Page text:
[in-joo-dish-uh s]


not judicious; showing lack of judgment; unwise; imprudent; indiscreet: an injudicious decision.

Origin of injudicious

First recorded in 1640–50; in-3 + judicious
Related formsin·ju·di·cious·ly, adverbin·ju·di·cious·ness, noun Unabridged Based on the Random House Unabridged Dictionary, © Random House, Inc. 2019

Related Words for injudicious

foolish, impulsive, indiscreet, rash, unwise

Examples from the Web for injudicious

Contemporary Examples of injudicious

  • The business world provides us with numerous examples of beliefs that are as widespread as they are injudicious, or misinformed.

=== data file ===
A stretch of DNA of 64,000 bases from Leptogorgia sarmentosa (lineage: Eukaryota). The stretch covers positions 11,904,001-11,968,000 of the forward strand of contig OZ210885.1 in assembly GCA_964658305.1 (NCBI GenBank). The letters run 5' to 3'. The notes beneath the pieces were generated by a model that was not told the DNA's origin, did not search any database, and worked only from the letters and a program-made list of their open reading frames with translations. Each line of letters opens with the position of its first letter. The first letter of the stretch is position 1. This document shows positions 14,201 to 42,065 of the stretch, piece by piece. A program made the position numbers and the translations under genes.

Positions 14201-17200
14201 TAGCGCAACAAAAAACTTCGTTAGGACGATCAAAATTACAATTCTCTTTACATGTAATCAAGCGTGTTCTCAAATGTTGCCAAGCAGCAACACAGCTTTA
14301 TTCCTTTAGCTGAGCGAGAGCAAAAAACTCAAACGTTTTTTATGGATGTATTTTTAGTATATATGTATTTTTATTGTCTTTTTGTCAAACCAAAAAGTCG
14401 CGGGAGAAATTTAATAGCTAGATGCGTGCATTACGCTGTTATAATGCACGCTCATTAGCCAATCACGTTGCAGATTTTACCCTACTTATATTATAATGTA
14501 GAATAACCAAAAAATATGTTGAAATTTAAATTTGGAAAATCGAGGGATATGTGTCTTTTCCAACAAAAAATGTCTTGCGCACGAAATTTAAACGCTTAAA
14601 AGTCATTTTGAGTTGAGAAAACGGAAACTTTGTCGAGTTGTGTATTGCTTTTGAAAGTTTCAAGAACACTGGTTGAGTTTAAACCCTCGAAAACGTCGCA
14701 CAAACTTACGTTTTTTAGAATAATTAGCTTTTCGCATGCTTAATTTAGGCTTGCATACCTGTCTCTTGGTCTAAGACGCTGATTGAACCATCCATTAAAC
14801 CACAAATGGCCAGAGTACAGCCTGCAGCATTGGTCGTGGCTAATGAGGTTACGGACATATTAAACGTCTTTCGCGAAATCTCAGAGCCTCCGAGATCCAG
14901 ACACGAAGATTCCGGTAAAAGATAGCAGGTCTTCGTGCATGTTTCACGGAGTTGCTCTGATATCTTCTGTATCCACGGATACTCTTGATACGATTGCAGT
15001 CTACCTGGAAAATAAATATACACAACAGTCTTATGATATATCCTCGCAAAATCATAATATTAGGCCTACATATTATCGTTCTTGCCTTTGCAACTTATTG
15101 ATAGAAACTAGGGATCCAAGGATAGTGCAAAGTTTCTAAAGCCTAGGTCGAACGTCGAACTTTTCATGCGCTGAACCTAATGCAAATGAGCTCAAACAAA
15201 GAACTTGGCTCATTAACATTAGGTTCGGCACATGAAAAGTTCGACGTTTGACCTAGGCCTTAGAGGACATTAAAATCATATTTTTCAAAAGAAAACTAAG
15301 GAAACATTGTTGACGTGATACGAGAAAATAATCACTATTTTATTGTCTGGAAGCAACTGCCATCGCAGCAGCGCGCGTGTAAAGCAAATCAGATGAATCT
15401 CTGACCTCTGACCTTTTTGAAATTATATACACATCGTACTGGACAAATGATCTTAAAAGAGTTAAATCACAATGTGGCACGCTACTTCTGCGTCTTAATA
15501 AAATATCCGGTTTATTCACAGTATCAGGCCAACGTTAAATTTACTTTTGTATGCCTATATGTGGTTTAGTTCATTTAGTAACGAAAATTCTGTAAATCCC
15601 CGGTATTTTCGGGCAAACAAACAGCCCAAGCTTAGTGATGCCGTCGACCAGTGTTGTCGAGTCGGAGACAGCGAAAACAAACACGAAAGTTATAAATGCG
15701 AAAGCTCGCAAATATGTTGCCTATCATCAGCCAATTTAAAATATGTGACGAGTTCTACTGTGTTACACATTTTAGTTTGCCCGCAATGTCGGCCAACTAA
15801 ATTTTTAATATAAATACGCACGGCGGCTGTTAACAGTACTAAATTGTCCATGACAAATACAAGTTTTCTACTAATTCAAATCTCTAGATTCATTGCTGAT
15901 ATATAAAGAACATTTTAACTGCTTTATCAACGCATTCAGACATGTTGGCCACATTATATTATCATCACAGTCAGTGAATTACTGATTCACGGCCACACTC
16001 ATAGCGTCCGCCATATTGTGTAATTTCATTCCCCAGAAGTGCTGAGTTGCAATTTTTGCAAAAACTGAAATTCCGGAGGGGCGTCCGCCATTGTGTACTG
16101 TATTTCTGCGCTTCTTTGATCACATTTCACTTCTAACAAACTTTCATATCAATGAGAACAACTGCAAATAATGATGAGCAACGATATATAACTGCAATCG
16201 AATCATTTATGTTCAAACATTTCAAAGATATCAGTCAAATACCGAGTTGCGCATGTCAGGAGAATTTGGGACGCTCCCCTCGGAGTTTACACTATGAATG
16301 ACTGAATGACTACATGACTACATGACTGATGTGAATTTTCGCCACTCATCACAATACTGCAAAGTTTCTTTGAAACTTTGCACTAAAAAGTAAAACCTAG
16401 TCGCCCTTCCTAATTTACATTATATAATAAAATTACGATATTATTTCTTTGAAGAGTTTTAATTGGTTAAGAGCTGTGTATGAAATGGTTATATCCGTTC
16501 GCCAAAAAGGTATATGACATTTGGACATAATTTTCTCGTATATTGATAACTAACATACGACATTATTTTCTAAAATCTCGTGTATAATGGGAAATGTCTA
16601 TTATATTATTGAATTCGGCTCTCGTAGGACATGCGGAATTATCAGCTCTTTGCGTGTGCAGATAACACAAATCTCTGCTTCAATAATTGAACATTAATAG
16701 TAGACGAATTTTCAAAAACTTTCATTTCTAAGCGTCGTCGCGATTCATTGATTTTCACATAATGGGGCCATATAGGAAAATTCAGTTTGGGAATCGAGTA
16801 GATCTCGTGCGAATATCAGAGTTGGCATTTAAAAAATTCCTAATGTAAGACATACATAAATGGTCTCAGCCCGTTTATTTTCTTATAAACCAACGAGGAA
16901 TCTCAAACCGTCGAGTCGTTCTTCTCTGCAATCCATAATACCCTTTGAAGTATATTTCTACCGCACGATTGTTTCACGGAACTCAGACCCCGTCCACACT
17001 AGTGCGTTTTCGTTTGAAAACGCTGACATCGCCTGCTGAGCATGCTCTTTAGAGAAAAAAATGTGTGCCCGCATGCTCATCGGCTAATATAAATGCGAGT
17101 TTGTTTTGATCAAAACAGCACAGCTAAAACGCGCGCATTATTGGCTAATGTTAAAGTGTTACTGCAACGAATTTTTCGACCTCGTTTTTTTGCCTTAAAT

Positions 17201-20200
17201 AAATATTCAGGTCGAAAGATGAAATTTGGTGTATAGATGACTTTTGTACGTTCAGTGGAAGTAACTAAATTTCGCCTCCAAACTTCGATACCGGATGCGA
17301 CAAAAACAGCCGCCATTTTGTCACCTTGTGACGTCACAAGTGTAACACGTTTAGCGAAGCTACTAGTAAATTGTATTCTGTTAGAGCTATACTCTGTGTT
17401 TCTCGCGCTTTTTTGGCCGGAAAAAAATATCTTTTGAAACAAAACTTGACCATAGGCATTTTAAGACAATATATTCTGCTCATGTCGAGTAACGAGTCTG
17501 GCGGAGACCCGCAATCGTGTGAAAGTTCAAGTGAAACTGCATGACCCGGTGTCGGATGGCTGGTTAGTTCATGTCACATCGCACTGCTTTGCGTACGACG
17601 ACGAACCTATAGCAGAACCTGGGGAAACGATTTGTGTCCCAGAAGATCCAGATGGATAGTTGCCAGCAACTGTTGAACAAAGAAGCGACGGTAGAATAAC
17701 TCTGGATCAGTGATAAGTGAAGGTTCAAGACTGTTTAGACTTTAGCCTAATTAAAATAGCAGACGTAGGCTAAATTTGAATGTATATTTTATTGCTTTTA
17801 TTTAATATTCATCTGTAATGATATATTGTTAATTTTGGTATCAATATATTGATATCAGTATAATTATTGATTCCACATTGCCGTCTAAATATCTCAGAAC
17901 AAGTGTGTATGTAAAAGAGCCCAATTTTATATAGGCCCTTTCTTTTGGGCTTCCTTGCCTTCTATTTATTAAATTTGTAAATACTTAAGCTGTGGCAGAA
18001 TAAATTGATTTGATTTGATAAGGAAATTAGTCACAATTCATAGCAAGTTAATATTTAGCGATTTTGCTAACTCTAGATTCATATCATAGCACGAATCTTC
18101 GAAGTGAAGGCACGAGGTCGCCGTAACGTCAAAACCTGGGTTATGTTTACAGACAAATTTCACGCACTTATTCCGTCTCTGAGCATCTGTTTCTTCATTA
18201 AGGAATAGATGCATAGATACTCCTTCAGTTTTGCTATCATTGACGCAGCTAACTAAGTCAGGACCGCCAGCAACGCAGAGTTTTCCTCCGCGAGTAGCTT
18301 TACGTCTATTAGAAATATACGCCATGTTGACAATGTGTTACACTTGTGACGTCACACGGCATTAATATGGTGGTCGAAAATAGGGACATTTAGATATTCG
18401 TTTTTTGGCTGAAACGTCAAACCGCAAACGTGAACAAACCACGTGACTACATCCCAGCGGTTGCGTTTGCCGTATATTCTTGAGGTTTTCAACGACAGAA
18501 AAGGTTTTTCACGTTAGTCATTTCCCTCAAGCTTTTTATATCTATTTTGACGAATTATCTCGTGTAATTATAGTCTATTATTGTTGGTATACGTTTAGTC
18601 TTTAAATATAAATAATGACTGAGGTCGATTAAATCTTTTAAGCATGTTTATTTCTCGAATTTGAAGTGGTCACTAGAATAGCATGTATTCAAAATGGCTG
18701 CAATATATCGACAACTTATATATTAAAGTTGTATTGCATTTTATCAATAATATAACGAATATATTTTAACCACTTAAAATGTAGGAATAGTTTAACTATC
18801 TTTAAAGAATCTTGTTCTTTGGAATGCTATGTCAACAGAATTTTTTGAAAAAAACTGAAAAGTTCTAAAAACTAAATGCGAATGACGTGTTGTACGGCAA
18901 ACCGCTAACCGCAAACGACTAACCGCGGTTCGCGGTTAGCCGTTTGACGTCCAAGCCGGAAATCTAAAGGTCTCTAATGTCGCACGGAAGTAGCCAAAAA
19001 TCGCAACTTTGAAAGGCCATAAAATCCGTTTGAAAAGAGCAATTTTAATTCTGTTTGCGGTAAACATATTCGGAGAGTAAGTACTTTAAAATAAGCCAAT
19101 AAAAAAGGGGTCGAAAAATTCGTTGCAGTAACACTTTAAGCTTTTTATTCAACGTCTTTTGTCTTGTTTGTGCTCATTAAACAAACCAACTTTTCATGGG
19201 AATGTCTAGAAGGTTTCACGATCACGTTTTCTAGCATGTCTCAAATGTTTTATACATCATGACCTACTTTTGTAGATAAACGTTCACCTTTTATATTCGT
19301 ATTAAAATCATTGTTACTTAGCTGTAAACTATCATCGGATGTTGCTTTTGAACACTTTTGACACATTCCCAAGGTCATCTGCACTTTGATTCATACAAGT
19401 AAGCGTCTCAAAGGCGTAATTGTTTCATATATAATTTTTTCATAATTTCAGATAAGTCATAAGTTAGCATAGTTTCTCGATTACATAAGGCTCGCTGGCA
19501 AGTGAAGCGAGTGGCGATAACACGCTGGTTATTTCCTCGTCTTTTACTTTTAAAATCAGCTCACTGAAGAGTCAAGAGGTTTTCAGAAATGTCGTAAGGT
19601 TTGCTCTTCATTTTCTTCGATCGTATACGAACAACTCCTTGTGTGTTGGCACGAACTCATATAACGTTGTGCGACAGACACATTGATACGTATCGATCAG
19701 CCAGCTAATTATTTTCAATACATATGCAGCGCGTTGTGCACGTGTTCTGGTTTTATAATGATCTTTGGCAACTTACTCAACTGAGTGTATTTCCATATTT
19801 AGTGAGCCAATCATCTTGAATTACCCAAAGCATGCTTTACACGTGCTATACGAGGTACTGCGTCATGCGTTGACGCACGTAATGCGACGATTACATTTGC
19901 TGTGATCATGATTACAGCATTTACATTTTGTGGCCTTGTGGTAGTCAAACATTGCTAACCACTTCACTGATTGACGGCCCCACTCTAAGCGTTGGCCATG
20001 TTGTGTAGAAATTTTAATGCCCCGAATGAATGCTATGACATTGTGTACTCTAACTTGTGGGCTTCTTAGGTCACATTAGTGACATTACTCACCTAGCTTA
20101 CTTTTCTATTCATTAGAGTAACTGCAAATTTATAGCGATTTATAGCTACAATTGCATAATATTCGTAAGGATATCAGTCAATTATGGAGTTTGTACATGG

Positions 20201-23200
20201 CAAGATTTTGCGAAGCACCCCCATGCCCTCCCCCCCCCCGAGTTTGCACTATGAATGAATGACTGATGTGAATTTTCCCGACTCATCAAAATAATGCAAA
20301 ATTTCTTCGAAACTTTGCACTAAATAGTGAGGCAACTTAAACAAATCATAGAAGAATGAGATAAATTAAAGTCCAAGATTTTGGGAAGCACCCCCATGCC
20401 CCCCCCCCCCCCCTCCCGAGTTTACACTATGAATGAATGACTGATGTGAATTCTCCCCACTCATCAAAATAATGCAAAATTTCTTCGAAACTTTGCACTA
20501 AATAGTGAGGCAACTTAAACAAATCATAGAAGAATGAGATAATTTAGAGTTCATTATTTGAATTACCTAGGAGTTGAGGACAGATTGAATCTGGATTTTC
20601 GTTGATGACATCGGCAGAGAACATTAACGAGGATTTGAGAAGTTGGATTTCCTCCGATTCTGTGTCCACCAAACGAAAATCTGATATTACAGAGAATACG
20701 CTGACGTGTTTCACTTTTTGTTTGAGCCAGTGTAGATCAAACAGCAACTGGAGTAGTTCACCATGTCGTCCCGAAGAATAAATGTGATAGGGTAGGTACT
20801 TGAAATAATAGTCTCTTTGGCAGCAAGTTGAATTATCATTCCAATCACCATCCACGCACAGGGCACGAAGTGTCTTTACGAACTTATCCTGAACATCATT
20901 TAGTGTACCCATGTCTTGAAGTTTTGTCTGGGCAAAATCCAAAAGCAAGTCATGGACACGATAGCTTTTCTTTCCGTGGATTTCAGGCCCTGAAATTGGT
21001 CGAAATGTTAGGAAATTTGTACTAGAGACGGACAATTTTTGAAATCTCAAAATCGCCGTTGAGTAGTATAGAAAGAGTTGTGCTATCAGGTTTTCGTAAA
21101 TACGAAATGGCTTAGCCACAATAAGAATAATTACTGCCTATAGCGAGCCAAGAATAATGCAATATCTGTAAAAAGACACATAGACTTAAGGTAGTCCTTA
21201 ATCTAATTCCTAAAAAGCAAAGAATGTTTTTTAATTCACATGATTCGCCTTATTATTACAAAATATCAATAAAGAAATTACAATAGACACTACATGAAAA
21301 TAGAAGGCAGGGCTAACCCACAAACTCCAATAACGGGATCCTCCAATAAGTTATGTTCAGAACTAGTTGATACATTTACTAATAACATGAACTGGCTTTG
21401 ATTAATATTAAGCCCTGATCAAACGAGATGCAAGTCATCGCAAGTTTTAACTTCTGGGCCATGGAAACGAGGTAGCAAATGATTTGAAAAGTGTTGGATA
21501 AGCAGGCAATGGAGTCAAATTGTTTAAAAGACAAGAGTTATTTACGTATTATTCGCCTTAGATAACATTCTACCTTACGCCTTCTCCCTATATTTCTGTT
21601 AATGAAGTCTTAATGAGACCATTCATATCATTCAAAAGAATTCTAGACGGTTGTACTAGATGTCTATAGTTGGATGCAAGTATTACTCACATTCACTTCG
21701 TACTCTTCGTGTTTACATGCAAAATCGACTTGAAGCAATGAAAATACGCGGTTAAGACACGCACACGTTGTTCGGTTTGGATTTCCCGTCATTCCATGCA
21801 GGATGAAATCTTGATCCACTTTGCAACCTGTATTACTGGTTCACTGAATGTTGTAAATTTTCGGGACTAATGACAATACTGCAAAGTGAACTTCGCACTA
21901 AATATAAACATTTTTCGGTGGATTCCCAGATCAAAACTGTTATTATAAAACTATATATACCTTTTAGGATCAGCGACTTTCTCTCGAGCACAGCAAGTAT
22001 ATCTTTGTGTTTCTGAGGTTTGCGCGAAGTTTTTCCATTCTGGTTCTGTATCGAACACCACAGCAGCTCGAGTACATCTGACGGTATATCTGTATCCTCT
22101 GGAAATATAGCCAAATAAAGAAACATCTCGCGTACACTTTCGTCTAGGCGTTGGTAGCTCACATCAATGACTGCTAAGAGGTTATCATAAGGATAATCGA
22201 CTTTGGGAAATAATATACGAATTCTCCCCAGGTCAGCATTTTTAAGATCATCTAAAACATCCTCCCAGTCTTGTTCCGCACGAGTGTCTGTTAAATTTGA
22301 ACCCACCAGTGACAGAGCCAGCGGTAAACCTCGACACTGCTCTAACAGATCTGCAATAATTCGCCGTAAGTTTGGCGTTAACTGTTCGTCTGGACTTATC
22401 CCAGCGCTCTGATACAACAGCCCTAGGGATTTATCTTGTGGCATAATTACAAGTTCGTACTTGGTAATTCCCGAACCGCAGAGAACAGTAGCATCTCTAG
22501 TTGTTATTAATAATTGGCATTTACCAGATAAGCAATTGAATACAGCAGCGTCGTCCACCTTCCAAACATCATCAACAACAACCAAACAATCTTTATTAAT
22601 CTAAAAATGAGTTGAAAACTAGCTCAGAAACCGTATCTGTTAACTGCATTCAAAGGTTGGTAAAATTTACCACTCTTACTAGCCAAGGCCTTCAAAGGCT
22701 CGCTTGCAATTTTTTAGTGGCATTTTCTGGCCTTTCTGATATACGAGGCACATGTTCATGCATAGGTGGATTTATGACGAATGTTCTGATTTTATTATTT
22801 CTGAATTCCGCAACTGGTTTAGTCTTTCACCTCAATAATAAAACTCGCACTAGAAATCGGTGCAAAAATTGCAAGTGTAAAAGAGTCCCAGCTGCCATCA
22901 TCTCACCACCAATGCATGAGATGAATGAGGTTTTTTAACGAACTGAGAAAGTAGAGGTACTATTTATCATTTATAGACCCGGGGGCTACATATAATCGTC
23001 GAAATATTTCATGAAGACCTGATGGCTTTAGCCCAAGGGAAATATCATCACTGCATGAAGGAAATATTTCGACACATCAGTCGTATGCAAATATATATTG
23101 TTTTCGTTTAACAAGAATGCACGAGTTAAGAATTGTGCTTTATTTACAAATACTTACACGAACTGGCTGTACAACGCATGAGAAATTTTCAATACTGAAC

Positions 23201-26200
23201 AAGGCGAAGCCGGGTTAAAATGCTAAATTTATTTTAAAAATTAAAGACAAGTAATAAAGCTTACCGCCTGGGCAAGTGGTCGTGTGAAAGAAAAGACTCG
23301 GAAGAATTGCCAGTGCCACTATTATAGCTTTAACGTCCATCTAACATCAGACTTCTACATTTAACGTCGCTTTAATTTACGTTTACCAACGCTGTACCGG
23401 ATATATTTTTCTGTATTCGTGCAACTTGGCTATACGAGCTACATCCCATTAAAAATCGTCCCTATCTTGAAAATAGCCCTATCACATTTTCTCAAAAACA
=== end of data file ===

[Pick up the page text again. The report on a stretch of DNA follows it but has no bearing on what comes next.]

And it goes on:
The Daily Beast logo
    Ignorant America

    Tunku Varadarajan

    August 30, 2010

Historical Examples of injudicious

  • This is true only of injudicious and indiscriminate generosity.

  • But it is injudicious, and also tiresome, to tell everything.

    The Paliser case

    Edgar Saltus

  • An injudicious remark might break the thread of his thoughts.

    The Grell Mystery

    Frank Froest

  • Governor Tod is damaging the old regiments by injudicious promotions.

  • The failures are doubtless to be ascribed to the injudicious manner in which it has been applied.


    Solon Robinson

British Dictionary definitions for injudicious



not discreet; imprudent
Derived Formsinjudiciously, adverbinjudiciousness, noun
Collins English Dictionary - Complete & Unabridged 2012 Digital Edition © William Collins Sons & Co. Ltd. 1979, 1986 © HarperCollins Publishers 1998, 2000, 2003, 2005, 2006, 2007, 2009, 2012

Word Origin and History for injudicious

1640s, from in- (1) "not, opposite of" + judicious. Related: Injudiciously.

Online Etymology Dictionary, © 2010 Douglas Harper